For parents the aim is to work towards
building a unique relationship with
each child – a relationship which allows
parents to enter the inner world of each
child, try to connect with it and tune in
to the child’s feelings.
Building this kind of relationship takes
work. It involves lots of hugs and quiet
chats; lots of time spent together
talking, debating or just doing ‘things’
together, lots of laughter and fun; lots
of celebrations and support at critical
The kind of love that energises resilience
is in the messages of every interaction.
These are messages that emphasise that
all human beings are quite different
from each other and are loved for these
differences. They are messages that
stress that everybody has their strengths
and imperfections and needs to laugh at
their foibles.
They are messages that remind that
everybody often tries and fails many
times before they reach a goal. They are
messages that give a child permission to
express pain, hurt and anger.
This powerful love coaches and teaches
rather than punishes and puts down.
It rewards effort and ‘having a go’
rather than just winning. It encourages
children to praise themselves and
attribute their successes to their own
efforts, not just to good luck and good
fortune. Initiative, courage, tenacity are
qualities revered.
Self Esteem
Good self-esteem is an essential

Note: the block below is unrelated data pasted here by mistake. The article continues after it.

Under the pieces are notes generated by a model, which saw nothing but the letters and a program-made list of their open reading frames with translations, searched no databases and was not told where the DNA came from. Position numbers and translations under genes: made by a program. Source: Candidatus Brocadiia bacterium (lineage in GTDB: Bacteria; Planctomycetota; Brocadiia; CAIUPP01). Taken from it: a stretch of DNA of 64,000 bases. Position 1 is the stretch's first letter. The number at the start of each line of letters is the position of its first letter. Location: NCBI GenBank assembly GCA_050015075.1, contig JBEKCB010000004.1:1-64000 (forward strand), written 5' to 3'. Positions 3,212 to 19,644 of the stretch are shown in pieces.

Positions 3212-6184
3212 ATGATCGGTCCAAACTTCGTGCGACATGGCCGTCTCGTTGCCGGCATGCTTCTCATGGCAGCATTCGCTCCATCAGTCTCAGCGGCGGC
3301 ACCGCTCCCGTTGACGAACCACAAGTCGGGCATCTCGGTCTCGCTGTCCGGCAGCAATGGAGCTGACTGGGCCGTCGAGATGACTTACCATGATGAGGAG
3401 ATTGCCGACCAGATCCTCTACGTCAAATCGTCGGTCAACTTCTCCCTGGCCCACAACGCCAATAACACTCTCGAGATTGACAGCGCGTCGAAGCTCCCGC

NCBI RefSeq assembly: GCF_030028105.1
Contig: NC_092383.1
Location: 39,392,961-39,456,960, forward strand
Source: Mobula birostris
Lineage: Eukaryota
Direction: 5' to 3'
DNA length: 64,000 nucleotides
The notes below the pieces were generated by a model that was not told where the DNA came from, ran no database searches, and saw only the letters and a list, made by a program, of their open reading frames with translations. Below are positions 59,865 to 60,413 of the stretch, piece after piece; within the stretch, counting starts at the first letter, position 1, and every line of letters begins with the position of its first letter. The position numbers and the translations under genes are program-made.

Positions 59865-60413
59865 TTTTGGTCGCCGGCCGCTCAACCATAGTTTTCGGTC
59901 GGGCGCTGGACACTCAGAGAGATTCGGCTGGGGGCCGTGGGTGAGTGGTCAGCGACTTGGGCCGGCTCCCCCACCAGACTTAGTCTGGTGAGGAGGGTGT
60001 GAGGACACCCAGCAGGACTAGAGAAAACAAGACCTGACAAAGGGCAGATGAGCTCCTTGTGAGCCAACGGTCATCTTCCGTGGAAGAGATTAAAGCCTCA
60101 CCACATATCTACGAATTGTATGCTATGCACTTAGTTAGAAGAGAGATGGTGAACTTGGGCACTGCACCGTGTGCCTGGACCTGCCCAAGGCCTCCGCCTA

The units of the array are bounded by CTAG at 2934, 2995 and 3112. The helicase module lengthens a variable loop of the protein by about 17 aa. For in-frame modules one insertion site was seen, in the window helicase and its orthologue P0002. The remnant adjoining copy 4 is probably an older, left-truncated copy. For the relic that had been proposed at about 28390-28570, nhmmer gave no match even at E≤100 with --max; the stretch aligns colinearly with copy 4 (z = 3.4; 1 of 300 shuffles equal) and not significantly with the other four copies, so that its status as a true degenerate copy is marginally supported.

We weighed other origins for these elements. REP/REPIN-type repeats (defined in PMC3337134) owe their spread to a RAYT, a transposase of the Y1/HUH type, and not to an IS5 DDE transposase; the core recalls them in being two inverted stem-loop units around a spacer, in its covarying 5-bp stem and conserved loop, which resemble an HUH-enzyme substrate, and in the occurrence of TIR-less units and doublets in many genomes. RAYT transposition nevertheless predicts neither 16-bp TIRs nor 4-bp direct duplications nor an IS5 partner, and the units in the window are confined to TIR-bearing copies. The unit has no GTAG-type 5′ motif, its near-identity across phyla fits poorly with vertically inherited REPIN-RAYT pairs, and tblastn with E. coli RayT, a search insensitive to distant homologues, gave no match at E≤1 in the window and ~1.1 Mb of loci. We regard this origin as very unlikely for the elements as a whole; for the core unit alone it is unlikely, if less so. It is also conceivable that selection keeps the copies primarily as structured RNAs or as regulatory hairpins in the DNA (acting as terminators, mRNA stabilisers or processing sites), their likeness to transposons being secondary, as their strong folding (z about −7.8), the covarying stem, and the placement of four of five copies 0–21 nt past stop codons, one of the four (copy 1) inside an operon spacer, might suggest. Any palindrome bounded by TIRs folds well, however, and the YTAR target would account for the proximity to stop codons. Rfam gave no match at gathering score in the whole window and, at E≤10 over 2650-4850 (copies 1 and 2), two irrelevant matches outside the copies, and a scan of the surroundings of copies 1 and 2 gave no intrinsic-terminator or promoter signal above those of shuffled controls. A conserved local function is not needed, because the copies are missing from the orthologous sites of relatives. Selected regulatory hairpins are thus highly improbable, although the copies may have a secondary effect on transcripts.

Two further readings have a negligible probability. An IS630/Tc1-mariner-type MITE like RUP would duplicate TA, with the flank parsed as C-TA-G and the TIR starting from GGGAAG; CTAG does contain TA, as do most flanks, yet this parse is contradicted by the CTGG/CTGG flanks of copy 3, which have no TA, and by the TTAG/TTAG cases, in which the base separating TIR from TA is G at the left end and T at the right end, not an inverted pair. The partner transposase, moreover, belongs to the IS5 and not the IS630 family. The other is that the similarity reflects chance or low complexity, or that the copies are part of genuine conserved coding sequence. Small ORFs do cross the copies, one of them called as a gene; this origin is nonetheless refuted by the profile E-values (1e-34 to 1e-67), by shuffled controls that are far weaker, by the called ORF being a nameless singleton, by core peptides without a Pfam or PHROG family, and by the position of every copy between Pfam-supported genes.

ingredient for resilience. Every child
needs to have his or her special
talent, ability or gift in this world
recognised and fostered, and be given
opportunities to shine. If this cannot
occur at school, children can be enrolled
in extra curricular activities or groups.
All children also need to be allowed to
live a part of their life that is exclusively
theirs – untouched by the shadow or
star of any other member of their family.
Social Skills
To be resilient, children need to have
good social skills and parents can easily
help coach this area.
Some children find it hard to understand
that other people have feelings and
emotions and parents can teach their
children to interpret the emotional
intentions and behaviour of others
and the core values of sharing, caring
Information Sheet 23 – Learning Links – Helping Kids Learn
Learning Links is a non-profit charity assisting
children who have difficulty learning and their
We raise funds to help children from birth to 18 years
by offering a range of services including the following.